Lyrics: Lyrically, it keeps coming back to one theme, politics. Most noticeably in 'Harrowdown Hill' and 'The Eraser', Thom chanting The more you try to erase me, the more I appear seems to fit in with the way of politics in modern day Britain. The lyrics are brilliant though, flowing perfectly, Did I fall or was I pushed? leaves a brilliant effect on the listener, the album makes you think, what sort of country are we living in? Only a genius could sway the opinions of millions through music, so that means Thom Yorke is a genius. That's not really a surprise though! // 10

Overall Impression: Overall the album is good, noticeable songs being 'The Eraser', 'Black Swan' and 'Harrowdown Hill'. It does lack that traditional edge that Radiohead has. It's something you can put on and forget you're listening to it. I have fallen asleep to this album many a time, it's soothing, relaxing and a great listen. If you don't have it, buy it. It isn't the best album of the year, it isn't trying to be, it's a middle-aged man letting out things that he can't do in his band, but luckily, this middle-aged man is a genius! // 8

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overall: 2
The Eraser Reviewed by: chris flatley, on march 29, 2007
0 of 9 people found this review helpful

Sound: It's almost painful to be a witness to Thom Yorke's journey from one of the most extraordinary live performance bands of recent years to this cold, hollow, unimaginative Windows XP symphony for musical doorbell and car alarm. I can't help comparing this album to Radiohead's Amnesiac, an album of which I'm rather fond, but you won't find a Pyramid Song, Like Spinning Plates, or a Life in a Glasshouse anywhere among this collection of uninspired bleeps and farts. I have nothing against downbeat, melancholy music. I'm a huge fan of people like Tom Waits and Tori Amos, both of whom are masterful when it comes to expressing the darker emotions through music. However, downbeat music needs that extra bit of spark, whether it be aggression, sneer, humour, or just moments of pure uplifting beauty. Downbeat music needs to change gear every now and again to stop it from becoming too monotonous. Radiohead themselves were experts at these gear changes, but it seems that Thom Yorke, as a solo artist, has neglected this important factor. And as a result The Eraser sounds one dimensional and frankly, very boring. The use of crackle and hiss effects to try to replace the brittle electronic sound with a kind of retro, vinyl quality is pretty ironic, and does nothing to redeem this soul-free loop fest. The whold album sounds no better than an amateur's basement experiment and if it were a demo by an unknown artist, you get the feeling that any prospective record label would have filed it in the bin. // 2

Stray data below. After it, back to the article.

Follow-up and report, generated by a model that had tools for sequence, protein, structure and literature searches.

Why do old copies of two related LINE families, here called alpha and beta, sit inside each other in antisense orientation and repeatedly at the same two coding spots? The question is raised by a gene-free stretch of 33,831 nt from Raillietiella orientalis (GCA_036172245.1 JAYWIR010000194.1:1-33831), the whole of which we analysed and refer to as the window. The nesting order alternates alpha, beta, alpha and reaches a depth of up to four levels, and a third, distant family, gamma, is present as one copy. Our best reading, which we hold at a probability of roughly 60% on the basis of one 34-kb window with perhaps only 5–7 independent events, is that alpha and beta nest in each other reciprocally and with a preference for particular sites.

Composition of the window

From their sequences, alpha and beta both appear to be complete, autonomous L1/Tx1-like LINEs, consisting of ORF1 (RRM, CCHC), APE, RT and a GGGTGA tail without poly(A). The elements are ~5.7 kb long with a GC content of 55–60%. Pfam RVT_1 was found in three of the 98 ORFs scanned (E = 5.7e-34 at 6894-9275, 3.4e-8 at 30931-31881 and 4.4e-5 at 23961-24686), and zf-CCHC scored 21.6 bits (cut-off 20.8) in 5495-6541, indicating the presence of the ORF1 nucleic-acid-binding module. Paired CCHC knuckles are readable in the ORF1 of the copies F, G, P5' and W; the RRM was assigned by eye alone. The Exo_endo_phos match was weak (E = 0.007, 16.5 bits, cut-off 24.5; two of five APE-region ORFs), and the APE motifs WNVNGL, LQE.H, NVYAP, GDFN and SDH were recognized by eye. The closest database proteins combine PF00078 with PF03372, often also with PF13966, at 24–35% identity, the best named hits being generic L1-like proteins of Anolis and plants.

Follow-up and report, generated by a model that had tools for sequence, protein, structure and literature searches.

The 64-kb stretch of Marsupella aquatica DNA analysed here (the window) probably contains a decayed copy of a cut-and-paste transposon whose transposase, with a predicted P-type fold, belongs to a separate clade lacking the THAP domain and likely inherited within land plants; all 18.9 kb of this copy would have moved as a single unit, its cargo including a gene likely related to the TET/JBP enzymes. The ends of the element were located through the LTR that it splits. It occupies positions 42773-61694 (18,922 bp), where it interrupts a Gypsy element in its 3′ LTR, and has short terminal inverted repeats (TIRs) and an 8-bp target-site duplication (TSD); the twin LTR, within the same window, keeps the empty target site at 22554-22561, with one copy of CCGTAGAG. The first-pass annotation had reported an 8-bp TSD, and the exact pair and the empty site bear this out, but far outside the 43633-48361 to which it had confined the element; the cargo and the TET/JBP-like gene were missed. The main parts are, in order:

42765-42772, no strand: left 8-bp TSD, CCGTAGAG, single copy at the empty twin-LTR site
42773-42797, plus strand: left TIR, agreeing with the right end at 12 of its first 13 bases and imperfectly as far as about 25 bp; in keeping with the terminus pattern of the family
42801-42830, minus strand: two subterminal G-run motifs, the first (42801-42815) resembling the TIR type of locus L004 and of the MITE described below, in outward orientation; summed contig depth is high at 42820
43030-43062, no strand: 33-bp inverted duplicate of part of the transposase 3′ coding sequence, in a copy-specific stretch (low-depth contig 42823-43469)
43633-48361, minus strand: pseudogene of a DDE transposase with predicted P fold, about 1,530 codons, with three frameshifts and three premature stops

Lyrics: I have to admit that I haven't paid much attention to the lyrics. This album is so musically uninteresting that it is a chore to listen to it anymore than two or three times. Vocally though, Thom Yorke sounds either really stoned or just plain bored, and his melodic phrases are as dull and samey as the repeatative background dirge that is trying to pass itself off as music. // 2

Overall Impression: If Thom Yorke is going to continue to use his computer to create music, then he needs to be a hell of a lot more creative about it because this lazy, cut and paste approach isn't working. Or maybe Yorke just can't cut it on his own. Just as Roger Waters' concepts needed Dave Gilmour's musical sense, and McCartney was really cheesy without Lennon, so too it would appear that Thom Yorke needs John Greenwood. // 2

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overall: 8.7
The Eraser Reviewed by: unregistered, on september 25, 2007
0 of 0 people found this review helpful

Sound: Just as Yorke promised the album consist mainly of electronic beats, loops, synths and piano. The overall sound is quite "cold" and not too radio-friendly but highly atmospheric. Yorke's vocals flow really nice with all these electronic melodies. It's an album which needs a few listens before you fully understand and appriciate it, just like Radiohead's "Kid A" or "Amnesiac". It's got a strong melancholic and nostalgic aura and really sounds best when heard during the night. The music on this album takes you to places you've never been before and opens a completny new world if you only want to see it. // 9

Lyrics: The lyrics on "The Eraser" are often very personal, but most of the songs take up the same topics as Radiohead's albums: globalisation, world degradation, the lack of understaing between people. They're often very enigmatic and probably no one besides Yorke knows their true meaning. As I said before the lyrics and Thom's voice match the music perfectly. Some of the most beautiful melodies that Yorke ever came up can be heard here. // 8

Overall Impression: "The Eraser" is maybe not a masterpiece but it's one of the best albums I've heard in some years. The standing out tracks are the title one and "Analyse", "And It Rained All Night", "Cymbal Rush" and the beautiful "Harrodown Hill". The album's production is excelent. It reaches it's full potencial when you hear it on 5.1 speakers, the music simply surrounds you and flows through you, it's something you just have to feel. Too bad the album is only 9 tracks long, and ends so fast. // 9